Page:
Gordon Brown’s change

Polly Toynbee , commenting in The Guardian, September 23 2008, on Gordon Brown’s speech to the Labour Party in Manchester  yesterday, claims that  gave it his “utmost and it was his best speech  – as it needed to be”. There are probably two sets of voters listening to him. One set can hardly believe its ears that Labour, after all this time, has begun to tealise that it’s been refused for over a decade to consider “active intervention”
His call for “a new settlement” in this changed era helps him draw a line under his own recklessness in the days when he boasted of his “light regulation” of the City. Best was his strong red line between laissez-faire Toryism and Labour’s active intervention in the current crash. Good for aficionados – but the party now holds its breath to see if voters are still listening to anything he says.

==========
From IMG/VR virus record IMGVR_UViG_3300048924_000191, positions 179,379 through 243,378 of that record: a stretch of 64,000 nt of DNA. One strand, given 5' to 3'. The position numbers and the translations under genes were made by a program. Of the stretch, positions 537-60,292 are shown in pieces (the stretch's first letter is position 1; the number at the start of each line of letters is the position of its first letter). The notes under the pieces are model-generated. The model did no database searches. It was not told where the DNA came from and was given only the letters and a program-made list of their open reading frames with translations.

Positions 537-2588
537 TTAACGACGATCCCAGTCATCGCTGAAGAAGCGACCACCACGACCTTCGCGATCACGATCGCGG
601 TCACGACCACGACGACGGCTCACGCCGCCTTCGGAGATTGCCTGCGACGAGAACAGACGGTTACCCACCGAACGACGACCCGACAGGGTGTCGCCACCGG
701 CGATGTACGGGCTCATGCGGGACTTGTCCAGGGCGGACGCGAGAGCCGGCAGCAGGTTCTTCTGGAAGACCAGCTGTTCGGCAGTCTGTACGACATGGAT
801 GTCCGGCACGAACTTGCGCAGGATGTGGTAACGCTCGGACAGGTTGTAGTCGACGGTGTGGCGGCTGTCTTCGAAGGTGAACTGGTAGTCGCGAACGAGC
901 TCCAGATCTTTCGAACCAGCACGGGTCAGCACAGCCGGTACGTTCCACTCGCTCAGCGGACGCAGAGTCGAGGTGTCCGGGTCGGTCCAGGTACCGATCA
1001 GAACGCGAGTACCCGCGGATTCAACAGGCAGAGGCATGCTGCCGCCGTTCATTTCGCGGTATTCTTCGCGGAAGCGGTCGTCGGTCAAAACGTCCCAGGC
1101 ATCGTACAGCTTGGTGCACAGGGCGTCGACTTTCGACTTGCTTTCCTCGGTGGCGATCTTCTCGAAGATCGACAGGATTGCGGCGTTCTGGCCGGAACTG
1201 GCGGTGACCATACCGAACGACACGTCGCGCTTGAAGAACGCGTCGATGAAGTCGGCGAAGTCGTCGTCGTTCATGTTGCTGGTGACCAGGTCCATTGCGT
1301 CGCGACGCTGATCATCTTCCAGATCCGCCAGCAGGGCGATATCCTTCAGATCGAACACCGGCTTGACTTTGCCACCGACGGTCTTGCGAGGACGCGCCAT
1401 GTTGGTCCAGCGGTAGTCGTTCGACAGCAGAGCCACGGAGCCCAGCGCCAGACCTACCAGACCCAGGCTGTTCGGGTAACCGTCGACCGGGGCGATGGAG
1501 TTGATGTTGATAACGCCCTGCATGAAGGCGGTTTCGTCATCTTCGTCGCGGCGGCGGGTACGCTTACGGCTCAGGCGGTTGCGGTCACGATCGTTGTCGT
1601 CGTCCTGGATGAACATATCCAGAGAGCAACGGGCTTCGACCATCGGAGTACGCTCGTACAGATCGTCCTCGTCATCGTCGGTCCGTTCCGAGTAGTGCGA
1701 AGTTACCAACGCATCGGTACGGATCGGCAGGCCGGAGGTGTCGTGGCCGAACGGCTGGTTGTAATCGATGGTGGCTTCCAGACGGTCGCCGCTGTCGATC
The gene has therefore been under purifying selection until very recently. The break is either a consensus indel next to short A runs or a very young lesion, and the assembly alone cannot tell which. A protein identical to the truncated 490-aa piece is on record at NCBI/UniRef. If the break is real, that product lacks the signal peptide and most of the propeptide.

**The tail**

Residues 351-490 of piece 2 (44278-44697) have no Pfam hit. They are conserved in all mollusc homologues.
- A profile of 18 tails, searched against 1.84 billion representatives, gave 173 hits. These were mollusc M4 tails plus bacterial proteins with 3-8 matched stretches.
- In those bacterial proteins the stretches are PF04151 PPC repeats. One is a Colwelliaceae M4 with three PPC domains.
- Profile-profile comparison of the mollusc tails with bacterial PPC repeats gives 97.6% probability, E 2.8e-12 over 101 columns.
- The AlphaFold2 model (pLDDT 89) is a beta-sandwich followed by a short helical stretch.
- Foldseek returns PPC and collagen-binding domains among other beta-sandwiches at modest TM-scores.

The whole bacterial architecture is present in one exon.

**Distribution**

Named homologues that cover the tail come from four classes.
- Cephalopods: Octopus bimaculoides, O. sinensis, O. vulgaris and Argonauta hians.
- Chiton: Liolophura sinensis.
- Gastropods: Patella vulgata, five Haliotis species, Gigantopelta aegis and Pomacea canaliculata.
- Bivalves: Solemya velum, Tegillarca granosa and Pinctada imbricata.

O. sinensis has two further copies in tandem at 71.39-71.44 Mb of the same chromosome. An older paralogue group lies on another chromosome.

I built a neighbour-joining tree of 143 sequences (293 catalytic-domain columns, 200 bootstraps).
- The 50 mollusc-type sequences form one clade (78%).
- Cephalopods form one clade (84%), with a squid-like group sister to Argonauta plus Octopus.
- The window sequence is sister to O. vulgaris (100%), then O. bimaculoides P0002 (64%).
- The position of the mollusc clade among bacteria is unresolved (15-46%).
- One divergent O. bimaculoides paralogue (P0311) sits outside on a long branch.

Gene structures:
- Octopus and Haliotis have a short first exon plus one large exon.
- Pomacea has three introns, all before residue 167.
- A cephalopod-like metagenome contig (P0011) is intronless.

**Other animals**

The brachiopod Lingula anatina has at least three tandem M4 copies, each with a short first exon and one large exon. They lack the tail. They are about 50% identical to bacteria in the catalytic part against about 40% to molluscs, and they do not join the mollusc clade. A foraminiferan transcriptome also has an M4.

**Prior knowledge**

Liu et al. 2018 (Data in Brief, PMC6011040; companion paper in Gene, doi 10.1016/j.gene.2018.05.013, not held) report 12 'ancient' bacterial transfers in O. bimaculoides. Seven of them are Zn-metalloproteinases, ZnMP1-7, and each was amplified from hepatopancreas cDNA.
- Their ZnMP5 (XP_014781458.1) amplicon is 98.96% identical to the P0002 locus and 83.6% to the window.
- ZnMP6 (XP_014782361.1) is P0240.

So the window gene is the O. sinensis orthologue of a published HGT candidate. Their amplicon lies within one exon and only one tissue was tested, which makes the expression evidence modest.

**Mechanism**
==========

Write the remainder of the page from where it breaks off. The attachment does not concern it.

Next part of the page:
It’s not easy for people to believe that, after a decade of toadying up to big finance, and claiming that it was something we should be proud of, Mr Brown has had his road to Damascus moment. Is he now saying that almost everything he lived by, and would have us believe in, turns out to have been wrong?

And if he is, then how does he go about convincing us that he’s got things right now?


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